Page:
The Interpretation of Fictional Characters in Literary Texts: History of Literary Criticism, Philosophy and Formal Ontologies

A special issue of Humanities (ISSN 2076-0787).

Deadline for manuscript submissions: 28 February 2025 | Viewed by 610

Special Issue Editors

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Guest Editor
Department of European, American and Intercultural Studies, Sapienza University of Rome, 00185 Rome, Italy
Interests: literary criticism; textual criticism; literature studies; rhetorical analysis; medieval literature

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Guest Editor
Laboratory for Applied Ontology, National Research Council of Italy, 38123 Trento, Italy
Interests: applied ontology; formal ontology; information systems

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Guest Editor
Department of Humanities, University of Macerata, 62100 Macerata, Italy
Interests: ontology; metaphysics; philosophy of mind

Special Issue Information

Dear Colleagues,

This Special Issue of Humanities aims to foster reflection on fictional characters in literary texts and the interpretive practices associated with them. It embraces a multidisciplinary perspective encompassing the history of literary criticism, hermeneutics, philosophy, and models of formal ontology that support the design of information systems for research and application in the Digital Humanities.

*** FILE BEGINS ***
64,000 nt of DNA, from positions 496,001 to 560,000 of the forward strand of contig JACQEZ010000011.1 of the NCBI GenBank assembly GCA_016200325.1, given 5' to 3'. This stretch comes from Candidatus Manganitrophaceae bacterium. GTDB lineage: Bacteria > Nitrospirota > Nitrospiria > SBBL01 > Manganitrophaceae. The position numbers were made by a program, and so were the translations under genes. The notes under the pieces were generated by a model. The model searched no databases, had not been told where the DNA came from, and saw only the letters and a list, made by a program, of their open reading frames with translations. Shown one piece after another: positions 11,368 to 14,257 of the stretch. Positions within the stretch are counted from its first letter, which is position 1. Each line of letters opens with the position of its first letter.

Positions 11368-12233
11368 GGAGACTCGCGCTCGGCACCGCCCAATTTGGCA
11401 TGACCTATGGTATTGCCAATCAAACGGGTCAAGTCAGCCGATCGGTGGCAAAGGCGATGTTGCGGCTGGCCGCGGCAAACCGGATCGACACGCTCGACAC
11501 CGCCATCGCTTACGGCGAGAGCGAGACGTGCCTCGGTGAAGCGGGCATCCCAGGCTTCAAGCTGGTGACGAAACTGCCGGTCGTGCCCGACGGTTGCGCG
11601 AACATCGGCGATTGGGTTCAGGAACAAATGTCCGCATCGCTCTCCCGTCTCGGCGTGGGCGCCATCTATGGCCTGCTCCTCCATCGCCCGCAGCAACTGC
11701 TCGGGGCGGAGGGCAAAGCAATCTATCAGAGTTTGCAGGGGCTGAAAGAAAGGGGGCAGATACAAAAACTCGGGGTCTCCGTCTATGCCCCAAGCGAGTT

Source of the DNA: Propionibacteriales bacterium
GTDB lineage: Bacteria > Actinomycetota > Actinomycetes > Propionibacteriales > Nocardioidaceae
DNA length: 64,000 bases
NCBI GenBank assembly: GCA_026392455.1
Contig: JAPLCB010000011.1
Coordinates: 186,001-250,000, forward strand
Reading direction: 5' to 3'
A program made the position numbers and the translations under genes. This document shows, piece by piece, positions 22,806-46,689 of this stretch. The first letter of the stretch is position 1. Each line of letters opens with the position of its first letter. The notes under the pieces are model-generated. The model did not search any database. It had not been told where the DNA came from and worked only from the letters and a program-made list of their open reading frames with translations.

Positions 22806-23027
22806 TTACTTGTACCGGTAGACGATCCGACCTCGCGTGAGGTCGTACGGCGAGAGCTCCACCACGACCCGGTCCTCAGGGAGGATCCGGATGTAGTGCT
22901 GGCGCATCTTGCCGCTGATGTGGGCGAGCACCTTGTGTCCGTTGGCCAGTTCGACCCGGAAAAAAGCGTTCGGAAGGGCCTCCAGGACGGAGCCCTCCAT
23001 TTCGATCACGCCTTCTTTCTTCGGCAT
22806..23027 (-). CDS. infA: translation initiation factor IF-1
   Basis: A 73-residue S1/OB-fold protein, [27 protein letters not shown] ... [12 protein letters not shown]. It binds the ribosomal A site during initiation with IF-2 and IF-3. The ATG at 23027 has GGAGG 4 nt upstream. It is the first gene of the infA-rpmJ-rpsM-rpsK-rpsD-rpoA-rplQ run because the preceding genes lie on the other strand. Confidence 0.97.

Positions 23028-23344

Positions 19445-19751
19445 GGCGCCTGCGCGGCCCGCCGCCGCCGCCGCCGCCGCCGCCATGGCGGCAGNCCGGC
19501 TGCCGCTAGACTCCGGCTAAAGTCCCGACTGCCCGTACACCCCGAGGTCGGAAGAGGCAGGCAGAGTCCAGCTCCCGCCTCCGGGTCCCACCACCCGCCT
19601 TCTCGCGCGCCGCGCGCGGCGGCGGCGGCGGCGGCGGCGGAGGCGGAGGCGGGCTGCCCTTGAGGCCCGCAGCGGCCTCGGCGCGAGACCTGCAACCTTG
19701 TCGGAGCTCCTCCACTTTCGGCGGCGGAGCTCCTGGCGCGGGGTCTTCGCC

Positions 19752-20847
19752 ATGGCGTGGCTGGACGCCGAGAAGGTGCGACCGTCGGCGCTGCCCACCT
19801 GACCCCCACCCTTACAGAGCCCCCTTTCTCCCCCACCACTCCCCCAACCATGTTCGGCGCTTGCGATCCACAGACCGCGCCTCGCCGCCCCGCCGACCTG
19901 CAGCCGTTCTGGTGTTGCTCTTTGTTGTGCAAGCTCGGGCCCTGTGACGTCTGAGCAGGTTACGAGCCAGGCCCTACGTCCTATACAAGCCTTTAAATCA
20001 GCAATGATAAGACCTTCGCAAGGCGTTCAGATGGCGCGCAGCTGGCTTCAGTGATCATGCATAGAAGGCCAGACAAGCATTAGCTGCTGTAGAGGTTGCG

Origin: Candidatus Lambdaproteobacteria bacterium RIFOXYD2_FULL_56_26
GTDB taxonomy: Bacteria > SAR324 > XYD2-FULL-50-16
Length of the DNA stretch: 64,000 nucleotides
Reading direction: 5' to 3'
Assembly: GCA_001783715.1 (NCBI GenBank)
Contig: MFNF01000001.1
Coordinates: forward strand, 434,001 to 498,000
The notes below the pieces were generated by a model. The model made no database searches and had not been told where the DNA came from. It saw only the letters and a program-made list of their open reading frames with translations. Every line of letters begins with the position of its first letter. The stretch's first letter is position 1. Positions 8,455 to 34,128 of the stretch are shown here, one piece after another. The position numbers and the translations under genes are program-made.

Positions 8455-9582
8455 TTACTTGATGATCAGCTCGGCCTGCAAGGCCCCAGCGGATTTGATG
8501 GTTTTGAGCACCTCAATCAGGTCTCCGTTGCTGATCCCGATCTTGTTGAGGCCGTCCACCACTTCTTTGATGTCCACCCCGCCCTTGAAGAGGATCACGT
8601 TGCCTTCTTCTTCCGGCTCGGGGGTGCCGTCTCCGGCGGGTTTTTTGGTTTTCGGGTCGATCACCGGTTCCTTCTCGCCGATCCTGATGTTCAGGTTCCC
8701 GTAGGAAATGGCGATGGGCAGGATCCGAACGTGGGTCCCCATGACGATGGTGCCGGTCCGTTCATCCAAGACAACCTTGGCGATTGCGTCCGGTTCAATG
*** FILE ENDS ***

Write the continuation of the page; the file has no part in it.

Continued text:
Our goal is to shed light on the following topics:

  1. The different theories, methodologies, and critical tools adopted by literary critics and scholars when it comes to interpreting fictional characters, and, namely, their specific vocabularies, argumentative strategies, and their relationship with the previous analysis. 

Proposals can include—but are not limited to—discussions, both theoretical and/or based on specific case-studies, on the following topics: